On Friday January 1899 the Abertillery Court House was completed. The work was carried out by Contractor Mr W. Smith under the supervision of County Surveyor Mr W. Tanner and was officially opened by Mr Samuel Nathan Jones, the other magistrates in attendance were as follows – Mr Colonel G. W. Wilkinson (Risca); Mr E. J. Williams; Mr Titus Phillips; Mr T. P. White; Mr J. Wallace; Mr Evan Phillips; Mr John Dakers; Mr J. Phillips and Mr W. Steadman: The following officials were also present – Mr E. H. Davies (Clerk); Mr Fowler (Deputy Clerk, Tredegar and Acting Superintendent Porter); Mr L. E. Webb (Solicitor) and Mr John Davies (School Attendance Officer):
The Contractor and Architect.
The contractor of the new Abertillery Court House on Tillery Street was Mr W. Smith. The architect was Mr W. Tanner.
The New Abertillery Police Station Proposal.
At the turn of the century the Abertillery Police Station on Tillery Street was getting too small for purpose, with the growing population a new much larger station and integrated court house was needed. In October 1901 tenders were invited for the building of a new station and court house to be erected on Somerset Street, in Abertillery.
On Wednesday 9th October 1901 at a meeting of the Monmouthshire Standing Joint Committee the tender of Messrs D. W. Richards at a cost of £4,400 was accepted for the construction of the new Abertillery Police Station and Court House.
On Tuesday 27th May 1902 Mr Bosenquet (Chief Constable of Monmouthshire) came to Abertillery, he inspected the old station and all the book work. He stated that there were 3 sergeants and 19 constables based at the Tillery Street Police Station. The population of Abertillery at this time had risen to 21,955.
The New Station.
On Wednesday 18th February 1903 the new Abertillery Police Station (as seen in the featured image above) and Abertillery Court House were opened. The selection of the site was not an easy one, the preferred site had already been let (though I don’t know where this was?) so the site between Cwm Street and Queen Street was chosen and the ground secured for a Headquarters Station and a Court House. The contract of Messrs D. W. Richards of Newport was carried out in a satisfactory manner and the final cost was £5,000. The site was on a hill in an awkward position fronting two streets parallel to one another. The frontage to Cwm Street was 90 feet and to Queen Street being 120 feet. The depth between the streets was 150 feet and the rise from Cwm Street to Queen Street being 36′ feet.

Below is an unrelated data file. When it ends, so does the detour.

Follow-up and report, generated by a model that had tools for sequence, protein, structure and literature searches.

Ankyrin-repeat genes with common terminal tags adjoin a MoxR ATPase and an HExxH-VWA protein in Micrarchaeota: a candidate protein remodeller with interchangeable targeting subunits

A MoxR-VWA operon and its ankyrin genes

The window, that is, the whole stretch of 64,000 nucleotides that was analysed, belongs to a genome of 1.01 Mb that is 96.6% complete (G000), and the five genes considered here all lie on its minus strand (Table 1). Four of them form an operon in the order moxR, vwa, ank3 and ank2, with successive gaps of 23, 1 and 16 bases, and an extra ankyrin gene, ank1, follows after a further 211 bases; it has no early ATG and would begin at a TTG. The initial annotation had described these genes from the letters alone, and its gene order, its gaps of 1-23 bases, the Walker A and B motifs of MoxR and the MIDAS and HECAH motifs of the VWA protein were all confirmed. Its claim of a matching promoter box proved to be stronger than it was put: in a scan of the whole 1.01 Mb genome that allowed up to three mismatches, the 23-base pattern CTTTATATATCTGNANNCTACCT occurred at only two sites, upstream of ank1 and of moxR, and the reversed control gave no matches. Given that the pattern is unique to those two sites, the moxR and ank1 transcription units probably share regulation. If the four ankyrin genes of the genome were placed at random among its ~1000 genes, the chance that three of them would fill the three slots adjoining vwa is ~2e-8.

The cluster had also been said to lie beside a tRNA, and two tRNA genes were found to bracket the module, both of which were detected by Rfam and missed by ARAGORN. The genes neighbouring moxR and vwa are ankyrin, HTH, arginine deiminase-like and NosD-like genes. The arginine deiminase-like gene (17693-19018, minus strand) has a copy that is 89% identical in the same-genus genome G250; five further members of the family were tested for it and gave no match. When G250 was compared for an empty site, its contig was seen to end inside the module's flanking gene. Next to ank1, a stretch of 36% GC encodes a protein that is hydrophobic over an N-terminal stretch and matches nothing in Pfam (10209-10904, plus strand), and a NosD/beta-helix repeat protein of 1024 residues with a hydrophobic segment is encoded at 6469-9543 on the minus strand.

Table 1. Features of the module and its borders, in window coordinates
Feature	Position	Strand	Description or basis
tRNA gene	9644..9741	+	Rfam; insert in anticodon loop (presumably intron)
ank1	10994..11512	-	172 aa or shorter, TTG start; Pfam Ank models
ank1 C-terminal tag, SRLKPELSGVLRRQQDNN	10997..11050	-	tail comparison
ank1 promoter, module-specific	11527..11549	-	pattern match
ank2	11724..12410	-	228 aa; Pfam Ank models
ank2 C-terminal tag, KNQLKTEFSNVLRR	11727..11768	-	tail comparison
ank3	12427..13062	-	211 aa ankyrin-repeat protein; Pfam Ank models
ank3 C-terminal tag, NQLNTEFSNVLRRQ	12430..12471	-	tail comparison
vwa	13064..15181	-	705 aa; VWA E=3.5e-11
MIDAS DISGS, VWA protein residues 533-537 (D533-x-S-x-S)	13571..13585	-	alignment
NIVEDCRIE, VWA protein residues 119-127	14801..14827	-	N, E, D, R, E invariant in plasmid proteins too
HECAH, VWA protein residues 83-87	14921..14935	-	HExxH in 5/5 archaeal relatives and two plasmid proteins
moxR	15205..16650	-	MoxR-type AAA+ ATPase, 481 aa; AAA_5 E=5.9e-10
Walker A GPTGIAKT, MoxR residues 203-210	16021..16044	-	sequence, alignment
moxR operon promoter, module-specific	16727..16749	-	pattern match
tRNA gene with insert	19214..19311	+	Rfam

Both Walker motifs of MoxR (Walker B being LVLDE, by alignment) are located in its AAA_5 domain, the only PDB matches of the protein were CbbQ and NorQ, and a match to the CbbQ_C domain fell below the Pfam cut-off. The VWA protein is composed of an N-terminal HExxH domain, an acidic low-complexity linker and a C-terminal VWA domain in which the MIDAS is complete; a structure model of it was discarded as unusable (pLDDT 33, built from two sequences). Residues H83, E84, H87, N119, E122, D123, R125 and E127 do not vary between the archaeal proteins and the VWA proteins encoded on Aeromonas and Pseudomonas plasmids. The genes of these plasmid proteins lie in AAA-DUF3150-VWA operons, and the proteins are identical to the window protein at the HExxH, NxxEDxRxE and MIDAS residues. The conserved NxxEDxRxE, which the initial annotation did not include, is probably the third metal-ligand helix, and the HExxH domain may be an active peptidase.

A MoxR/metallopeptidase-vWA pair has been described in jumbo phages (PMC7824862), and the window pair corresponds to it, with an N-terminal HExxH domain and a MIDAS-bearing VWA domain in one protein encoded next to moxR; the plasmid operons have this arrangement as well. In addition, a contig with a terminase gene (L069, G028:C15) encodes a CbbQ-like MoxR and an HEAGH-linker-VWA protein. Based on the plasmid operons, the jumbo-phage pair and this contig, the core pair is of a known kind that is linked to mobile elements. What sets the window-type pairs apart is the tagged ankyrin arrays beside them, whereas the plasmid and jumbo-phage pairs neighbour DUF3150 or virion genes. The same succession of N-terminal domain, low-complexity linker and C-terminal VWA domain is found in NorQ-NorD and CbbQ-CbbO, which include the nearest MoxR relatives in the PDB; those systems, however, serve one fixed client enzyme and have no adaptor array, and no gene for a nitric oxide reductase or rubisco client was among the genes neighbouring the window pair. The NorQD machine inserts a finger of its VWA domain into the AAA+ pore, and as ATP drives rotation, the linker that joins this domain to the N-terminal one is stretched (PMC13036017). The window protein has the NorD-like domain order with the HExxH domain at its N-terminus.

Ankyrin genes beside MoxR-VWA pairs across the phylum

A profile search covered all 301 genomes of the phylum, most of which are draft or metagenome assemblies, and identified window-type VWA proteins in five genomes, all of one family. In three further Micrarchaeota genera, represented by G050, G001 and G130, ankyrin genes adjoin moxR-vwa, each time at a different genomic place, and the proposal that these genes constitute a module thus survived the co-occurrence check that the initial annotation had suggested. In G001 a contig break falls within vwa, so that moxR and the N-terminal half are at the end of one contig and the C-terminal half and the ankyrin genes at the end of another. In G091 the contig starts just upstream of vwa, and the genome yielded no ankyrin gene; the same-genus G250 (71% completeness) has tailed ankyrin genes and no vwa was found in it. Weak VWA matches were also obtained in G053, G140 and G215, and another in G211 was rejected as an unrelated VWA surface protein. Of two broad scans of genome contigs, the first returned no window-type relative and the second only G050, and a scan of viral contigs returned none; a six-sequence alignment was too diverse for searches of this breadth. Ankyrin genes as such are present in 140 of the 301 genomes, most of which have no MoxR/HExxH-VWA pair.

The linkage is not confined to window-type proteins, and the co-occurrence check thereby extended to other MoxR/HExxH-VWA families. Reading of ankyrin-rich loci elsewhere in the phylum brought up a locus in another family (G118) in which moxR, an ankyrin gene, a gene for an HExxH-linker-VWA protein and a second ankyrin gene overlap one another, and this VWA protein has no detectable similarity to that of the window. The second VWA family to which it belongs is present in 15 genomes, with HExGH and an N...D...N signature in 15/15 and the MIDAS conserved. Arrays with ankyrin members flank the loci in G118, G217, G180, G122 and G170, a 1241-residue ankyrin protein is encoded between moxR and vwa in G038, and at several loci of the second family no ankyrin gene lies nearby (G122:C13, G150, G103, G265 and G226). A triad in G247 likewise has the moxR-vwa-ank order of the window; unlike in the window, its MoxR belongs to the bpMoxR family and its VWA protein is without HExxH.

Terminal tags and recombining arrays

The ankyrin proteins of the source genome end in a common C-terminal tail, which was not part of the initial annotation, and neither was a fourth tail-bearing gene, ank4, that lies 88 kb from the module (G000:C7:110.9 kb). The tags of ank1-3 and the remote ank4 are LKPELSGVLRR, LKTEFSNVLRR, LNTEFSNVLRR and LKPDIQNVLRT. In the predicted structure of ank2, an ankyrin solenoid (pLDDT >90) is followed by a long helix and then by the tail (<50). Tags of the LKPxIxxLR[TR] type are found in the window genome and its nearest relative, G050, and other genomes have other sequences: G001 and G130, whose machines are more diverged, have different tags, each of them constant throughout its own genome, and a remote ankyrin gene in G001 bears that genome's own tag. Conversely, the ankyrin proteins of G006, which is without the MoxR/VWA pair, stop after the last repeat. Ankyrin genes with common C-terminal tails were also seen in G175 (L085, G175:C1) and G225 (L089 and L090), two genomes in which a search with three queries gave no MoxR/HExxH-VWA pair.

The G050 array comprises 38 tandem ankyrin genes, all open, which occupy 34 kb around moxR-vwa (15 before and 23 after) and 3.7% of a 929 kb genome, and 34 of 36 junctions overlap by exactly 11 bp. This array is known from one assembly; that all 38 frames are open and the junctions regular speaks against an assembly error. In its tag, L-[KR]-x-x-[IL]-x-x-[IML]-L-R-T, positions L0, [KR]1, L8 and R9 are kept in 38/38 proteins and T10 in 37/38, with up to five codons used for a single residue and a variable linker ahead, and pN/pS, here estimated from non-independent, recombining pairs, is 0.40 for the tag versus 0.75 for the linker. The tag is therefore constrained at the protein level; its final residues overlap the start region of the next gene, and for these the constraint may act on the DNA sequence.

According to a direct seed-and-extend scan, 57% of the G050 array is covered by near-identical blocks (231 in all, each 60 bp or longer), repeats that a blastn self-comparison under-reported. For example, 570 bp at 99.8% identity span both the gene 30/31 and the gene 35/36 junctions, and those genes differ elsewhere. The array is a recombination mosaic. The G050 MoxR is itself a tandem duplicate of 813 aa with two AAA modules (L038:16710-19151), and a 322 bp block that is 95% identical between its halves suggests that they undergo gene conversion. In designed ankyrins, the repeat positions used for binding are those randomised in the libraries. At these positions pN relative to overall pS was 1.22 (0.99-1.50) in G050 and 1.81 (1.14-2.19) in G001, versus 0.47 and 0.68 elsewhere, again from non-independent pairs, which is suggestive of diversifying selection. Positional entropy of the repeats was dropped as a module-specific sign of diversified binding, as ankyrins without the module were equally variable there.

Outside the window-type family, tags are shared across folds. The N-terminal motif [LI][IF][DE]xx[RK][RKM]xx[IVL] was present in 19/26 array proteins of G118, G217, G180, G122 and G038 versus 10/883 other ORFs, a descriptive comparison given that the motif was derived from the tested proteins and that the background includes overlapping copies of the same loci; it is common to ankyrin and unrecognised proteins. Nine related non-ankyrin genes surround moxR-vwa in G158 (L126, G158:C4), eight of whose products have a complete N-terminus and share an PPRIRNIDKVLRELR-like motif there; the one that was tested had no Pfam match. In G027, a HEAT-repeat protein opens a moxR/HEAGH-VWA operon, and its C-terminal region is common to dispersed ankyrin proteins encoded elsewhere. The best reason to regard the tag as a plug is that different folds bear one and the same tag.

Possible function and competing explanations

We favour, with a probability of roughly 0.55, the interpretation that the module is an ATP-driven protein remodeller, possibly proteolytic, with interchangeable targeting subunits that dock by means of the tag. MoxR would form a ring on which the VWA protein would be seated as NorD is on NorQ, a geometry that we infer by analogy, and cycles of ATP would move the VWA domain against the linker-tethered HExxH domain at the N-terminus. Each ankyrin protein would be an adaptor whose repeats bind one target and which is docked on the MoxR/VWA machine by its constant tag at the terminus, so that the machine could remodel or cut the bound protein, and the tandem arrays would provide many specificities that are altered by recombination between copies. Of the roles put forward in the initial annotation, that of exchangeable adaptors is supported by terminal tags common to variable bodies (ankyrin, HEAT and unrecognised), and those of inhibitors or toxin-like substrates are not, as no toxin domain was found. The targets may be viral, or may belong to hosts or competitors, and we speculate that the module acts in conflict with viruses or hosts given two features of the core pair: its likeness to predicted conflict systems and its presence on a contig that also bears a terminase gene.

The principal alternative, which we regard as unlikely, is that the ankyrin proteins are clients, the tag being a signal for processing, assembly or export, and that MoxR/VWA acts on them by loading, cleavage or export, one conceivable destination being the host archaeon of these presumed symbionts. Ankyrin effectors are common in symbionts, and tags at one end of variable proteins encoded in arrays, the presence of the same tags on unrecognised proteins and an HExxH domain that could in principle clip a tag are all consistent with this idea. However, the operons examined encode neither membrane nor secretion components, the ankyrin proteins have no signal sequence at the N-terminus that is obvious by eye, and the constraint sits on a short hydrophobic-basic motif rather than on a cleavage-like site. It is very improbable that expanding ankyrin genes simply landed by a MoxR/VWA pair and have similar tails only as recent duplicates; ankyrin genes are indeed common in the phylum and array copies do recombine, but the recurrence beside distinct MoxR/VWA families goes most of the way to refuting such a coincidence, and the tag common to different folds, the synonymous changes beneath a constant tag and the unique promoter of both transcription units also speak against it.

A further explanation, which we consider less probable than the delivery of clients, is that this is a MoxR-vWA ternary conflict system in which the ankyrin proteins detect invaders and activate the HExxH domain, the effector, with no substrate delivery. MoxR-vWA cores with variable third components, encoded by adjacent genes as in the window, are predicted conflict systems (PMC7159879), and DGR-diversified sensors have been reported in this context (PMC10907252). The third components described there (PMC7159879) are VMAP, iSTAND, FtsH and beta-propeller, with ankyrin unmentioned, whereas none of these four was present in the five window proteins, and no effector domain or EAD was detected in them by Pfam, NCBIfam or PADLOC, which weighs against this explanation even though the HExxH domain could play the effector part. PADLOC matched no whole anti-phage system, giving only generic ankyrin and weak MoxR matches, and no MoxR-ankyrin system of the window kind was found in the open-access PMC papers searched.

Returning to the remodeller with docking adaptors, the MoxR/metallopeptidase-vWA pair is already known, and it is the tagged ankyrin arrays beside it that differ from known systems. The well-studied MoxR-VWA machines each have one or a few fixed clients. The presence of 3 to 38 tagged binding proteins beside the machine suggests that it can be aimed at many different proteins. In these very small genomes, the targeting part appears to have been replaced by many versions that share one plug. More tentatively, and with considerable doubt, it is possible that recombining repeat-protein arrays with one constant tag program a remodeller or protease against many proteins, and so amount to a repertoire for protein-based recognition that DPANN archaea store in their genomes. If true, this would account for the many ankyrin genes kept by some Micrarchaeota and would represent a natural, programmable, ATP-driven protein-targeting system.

As of these difficulties, the station was built in two blocks, that fronting the Cwm Street consisting the police station, entrance, charge office 3 cells, constables day room and offices with accommodation for ten single constables, a superintendents office, married sergeants quarters, consisting of a parlour, living room, scullery etc and three bedrooms. The quarters in each instance were private connected inside by doors having separate entrances.
The frontage to Queen Street has a house for the superintendent, comprising a parlour, living room, kitchen and offices, with four bedrooms and a bath room. On this elevation was the court house 37′ feet by 22′ feet, retiring rooms for the justices and witnesses. Separate entrances were provided for the public, police and prisoners, the latter being brought from the cells from the lower section via a flight of stone steps.
The actual buildings were built of 16″ inch hollow brickwork, the red face bricks used being from the Star Brick Works at Risca and the buff face bricks were from the Ebbw Vale Works. The cells were constructed in double thickness in accordance with Home Office regulations. The buildings were heated by hot water, the heating contract being carried out by Mr Perman of Newport. The buildings were designed by Mr William Tanner F.S.I. County Surveyor and erected under his supervision.
The Contractor and Architect.
The contractor of the new station was Messrs D. W. Richards of Newport. The architect was Mr William Tanner F.S.I. the county surveyor.
The Formal Opening.
There was no formal opening but previous to commencing the business of the courts the magistrates inspected the building and expressed themselves as being thoroughly satisfied with what had been provided. Presiding Magistrate Mr J. Green of Blackwood was the chairman. The other magistrates on the bench were as follows – Mr Samuel Nathan Jones; Mr E. J. Williams; Mr T. B. White; Mr T. Phillips; Mr W. Stewart; Mr T. Vatchell; Mr J. Richards; Mr G. Padfield and Mr J. Davies:
The First Court Cases.
The very first ten cases heard on this opening day ranged from – The theft of a pigeon, stealing coal, wife desertion, slaughter house nuisance, a stable nuisance, family assault case, street fighting, bad language, disorderly conduct and obstruction. After the first batch of cases the magistrates retired for lunch at the Cwm Hotel served by the landlord Mr Judd. The following gentlemen were also present at the luncheon – Mr W. B. Harrison; Mr J. A. Shepard; Mr E. H. Davies; Mr V. Bosanquet; Mr J. Lewis; Mr William Tanner; Mr A. H. Dolman; Mr J. E. Phillips; Alderman Bowen; Inspector James; Messrs Francis Perman and W Richards:
Later a police station was opened at Cwmtillery (as seen on the map right) It was built on the aptly named Crook Hill and housed a few police constables over the years though I believe it ceased being a station in the 1970’s.
The Later Years.
From about 2010 the Abertillery Police Station at Somerset Street was used on a part time basis, it is now closed and was later sold in about 2017.
On the 18th February 2017 the Ambulance and Police services moved into the Abertillery Fire Station at Station Hill to share the same building.